The first three rounds of the Indianapolis Tennis Championships went exactly as predicted. The unseeded nobodies who were supposed to lose lost, and the big names dominated. But with the nine-hour delay on Friday, a series of unlikely upsets and dramatic tie-breakers came in with the rain. Then the underdogs took over.
It started when a starry-eyed American teenager named Sam Querrey defeated James Blake (10th ranked player in the world, last year’s champion and this year’s second seed) in Saturday morning’s quarter-final. Querrey is ranked 90th, has never made it past a quarter-final in an ATP tournament and was not old enough to buy a beer to celebrate — but the young American somehow clawed his way to a dramatic win; 7-6, 6-7, 7-6. He broke a modern-era record for consecutive aces with 10, according to www.atptennis.com.
The next match of the day put the top-seeded crowd favorite Andy Roddick against a Canadian named Frank Dancevic, who has never won consecutive matches in his entire career, and was the last player to qualify for this tournament. He drove himself nine hours from Canada to the Indy Tennis Championships after finding out just two days before his first match that he was competing. He also didn’t have a coach; so he picked up his girlfriend in Detroit on the way, as his only support.
A week later he found himself out-hustling the world’s fifth best player, and taking the first set. After Roddick took a 5-4 lead in the second set, Dancevic fought back to force a tie-breaker, and dominated it. He won the tie-break 7-1, and in a dizzy haze after the match he dropped his racket and grabbed his curly locks in disbelief. He’d beaten Andy Roddick in straight sets and would be heading to the finals to face third-seeded Dmitry Tursunov, who stifled the miracle run of 19-year-old Querrey later in the day.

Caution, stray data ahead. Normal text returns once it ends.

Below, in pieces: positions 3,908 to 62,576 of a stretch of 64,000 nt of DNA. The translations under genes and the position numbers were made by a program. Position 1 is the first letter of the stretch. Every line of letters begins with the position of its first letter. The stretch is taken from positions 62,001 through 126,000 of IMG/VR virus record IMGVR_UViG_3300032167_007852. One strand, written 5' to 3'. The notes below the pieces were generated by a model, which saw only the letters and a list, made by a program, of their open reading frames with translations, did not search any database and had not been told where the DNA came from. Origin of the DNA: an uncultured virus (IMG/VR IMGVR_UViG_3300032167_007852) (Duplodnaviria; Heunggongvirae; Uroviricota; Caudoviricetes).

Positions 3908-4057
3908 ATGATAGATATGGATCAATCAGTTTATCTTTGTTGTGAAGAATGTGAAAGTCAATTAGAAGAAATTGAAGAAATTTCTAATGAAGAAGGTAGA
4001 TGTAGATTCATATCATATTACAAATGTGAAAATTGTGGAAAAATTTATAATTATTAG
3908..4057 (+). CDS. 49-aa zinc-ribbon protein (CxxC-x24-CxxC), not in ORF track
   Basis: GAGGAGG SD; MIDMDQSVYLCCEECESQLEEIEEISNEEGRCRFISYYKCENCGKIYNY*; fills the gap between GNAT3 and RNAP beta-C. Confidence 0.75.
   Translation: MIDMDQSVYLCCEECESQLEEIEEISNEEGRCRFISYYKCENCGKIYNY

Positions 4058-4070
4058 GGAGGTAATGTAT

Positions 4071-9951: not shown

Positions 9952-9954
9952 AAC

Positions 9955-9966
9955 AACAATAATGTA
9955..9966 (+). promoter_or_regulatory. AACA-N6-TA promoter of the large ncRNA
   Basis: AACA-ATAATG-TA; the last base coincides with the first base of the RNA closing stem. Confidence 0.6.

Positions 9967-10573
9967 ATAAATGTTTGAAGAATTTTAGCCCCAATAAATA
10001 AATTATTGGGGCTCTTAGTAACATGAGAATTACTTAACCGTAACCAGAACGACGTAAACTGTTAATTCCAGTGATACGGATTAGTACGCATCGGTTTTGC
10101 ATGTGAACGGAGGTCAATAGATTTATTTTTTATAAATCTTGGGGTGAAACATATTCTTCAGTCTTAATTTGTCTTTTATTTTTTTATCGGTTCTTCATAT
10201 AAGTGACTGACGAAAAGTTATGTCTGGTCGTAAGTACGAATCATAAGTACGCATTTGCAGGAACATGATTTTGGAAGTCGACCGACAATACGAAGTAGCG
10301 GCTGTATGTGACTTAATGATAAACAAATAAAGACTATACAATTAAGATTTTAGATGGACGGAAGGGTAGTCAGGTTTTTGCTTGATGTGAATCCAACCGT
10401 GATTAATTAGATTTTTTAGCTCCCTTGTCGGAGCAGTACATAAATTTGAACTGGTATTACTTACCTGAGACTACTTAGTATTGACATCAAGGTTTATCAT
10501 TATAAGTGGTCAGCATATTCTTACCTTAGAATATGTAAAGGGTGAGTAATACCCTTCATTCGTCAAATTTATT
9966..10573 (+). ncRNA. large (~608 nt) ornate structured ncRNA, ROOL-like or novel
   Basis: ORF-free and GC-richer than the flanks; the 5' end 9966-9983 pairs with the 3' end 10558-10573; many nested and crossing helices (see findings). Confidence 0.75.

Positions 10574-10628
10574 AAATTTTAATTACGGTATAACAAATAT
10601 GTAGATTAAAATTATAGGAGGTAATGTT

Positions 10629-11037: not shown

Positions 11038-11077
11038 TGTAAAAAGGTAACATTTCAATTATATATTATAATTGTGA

Without the appeal of a household name like Roddick or Blake in Sunday’s final match, the crowd was sparse, but the storyline was epic — the scrappy underdog against a veteran on the comeback trail — and the fans rallied behind Dancevic. Dancevic’s family had loaded up the mini-van and drove down from Niagra Falls at 4 a.m. on Sunday morning, so Dancevic, without a practice partner, warmed up with his little sister.
Though Dancevic made a close match of it, Tursunov’s big-game experience was too much for Dancevic’s nerves, and Tursunov took home the title, 6-4, 7-5.
“A few years ago, I would have been losing my composure,” Tursunov said. “In a final you have pressure on you, every shot you hit.”
Preceding the singles final, Travis Parrott (USA) and Juan Martin Del Potro (ARG) won the doubles championships, after having entered the field as alternates. They came to Indy not knowing if they’d even have a match, had never spoken a word to one another and they went home as the champions. Del Potro said that he doesn’t even play doubles to win — he just heard Parrott needed a partner and wanted an opportunity to get some practice in. Del Potro is 18 years old, 6-foot-6 and has a big game with a devastating serve, which allowed Parrott to stand at the net and tee-off on weak returns. “I just had to do the cleanup,” Parrott said.
Following the championship matches there were no booksignings or photo shoots, and the attendance suffered because of Roddick’s early absence. But Dancevic and Tursunov’s match had fans cheering — not for Roddick’s mid-match shirt change — but for two eager competitors playing their hearts out in front of Indy’s truest tennis fans.